Compromise Kills

There’s evil in our midst. An evil I, and most of my peers in this business, know all too well.

Compromise is the way of the world, and totally unavoidable in many circumstances. Begrudingly, I’ve learned to accept this fact of life. But I also know what a destructive force it can become. If you let it, compromise will eat you alive, cell-by-cell until there’s no you left, just a vacant shell that looks like you.

In the political arena, Bill Clinton gave compromise a decent name. He had to get things done, one way or another. So he moved his party to a centrist position in an already stifling corporate atmosphere. The nation may, or may not, recover from his practical approach.

On the environmental front, compromise leads to all sorts of compound problems. For instance, otherwise sane people are currently arguing for more nuclear power and the use of clean coal (an oxymoron, if there ever was one). I don’t believe we can stand much more compromise when it comes to the health of our planet.

In the ad industry, where client-service–not content, nor concept–is king, we eat compromise for breakfast, lunch and dinner. And snack on it too. We are so full of compromise that it’s no longer separate from us, it is us.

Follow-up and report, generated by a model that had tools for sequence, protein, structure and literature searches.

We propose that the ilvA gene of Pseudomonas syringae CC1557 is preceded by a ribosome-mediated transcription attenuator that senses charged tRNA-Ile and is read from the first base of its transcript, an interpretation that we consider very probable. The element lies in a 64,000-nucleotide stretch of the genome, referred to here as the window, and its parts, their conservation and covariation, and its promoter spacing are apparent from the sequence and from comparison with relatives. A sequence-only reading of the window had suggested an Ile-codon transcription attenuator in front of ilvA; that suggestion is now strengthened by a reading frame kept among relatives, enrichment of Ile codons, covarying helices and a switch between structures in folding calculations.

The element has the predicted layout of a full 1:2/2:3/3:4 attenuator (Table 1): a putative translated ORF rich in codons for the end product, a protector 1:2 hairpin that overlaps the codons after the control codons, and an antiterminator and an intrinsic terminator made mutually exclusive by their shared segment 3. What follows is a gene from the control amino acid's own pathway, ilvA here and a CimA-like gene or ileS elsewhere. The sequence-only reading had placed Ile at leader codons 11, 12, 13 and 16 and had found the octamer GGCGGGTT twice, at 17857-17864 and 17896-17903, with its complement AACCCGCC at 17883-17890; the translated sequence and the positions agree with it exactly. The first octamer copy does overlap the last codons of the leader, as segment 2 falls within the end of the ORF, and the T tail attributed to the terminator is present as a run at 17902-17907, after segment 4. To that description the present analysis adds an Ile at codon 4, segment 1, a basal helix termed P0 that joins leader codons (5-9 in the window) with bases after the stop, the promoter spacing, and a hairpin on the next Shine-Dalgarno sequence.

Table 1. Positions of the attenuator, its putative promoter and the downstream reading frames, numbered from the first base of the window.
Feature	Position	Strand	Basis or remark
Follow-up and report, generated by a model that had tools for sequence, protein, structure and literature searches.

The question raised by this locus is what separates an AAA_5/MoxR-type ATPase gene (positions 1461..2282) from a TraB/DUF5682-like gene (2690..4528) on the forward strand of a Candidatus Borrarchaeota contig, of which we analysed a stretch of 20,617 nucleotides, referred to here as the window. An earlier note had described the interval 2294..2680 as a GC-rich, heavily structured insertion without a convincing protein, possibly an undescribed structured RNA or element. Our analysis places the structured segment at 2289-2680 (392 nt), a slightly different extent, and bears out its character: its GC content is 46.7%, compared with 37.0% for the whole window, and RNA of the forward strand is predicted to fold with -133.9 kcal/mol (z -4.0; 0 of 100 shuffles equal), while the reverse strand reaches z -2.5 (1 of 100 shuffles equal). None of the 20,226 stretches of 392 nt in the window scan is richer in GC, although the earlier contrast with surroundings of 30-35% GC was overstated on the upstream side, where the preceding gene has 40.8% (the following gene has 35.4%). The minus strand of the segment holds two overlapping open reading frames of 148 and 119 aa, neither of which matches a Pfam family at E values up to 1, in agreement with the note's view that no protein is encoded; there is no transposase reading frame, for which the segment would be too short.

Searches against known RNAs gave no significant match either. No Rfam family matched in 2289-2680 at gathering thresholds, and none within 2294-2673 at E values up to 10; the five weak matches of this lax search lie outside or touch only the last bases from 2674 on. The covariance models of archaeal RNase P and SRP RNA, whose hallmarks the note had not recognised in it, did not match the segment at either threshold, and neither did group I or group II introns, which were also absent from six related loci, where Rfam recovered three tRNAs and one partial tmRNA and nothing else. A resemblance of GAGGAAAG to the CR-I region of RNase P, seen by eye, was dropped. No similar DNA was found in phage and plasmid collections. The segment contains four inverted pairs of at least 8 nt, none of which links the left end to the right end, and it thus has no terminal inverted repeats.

So what’s the solution? The best answer is don’t do it. Don’t compromise. Stick to your guns at all costs, even if it means pissing people off and being labeled “hard to work with.” I’ve been stuck with that label from the beginning of my ad career and I don’t imagine it’s going to vanish anytime soon. Not because I like the label. I don’t. But I live with it because it’s better than the self-inflicted punishment that comes with compromise.

Fact is, I need to take my own advice, for I compromise way more often than I’m comfortable with. Which is what leads me to air this out in a post. I don’t want to lose my creative soul to this business. I don’t want to diminish my vision or sacrifice the work, just because that’s the path of least resistance. I feel weak when that happens. And I don’t want to feel that way.

I’d love to hear from you on this. What have you compromised in order to make a paycheck? And what do you do to rid the toxic residue from your psyche?

About David Burn

I wrote my first ad for a political candidate when I was 17 years old. She won her race and I felt the seductive power of advertising for the first time. Today—after working for seven agencies in five states—I am now head of brand strategy and creative direction at Bonehook in Portland, Oregon.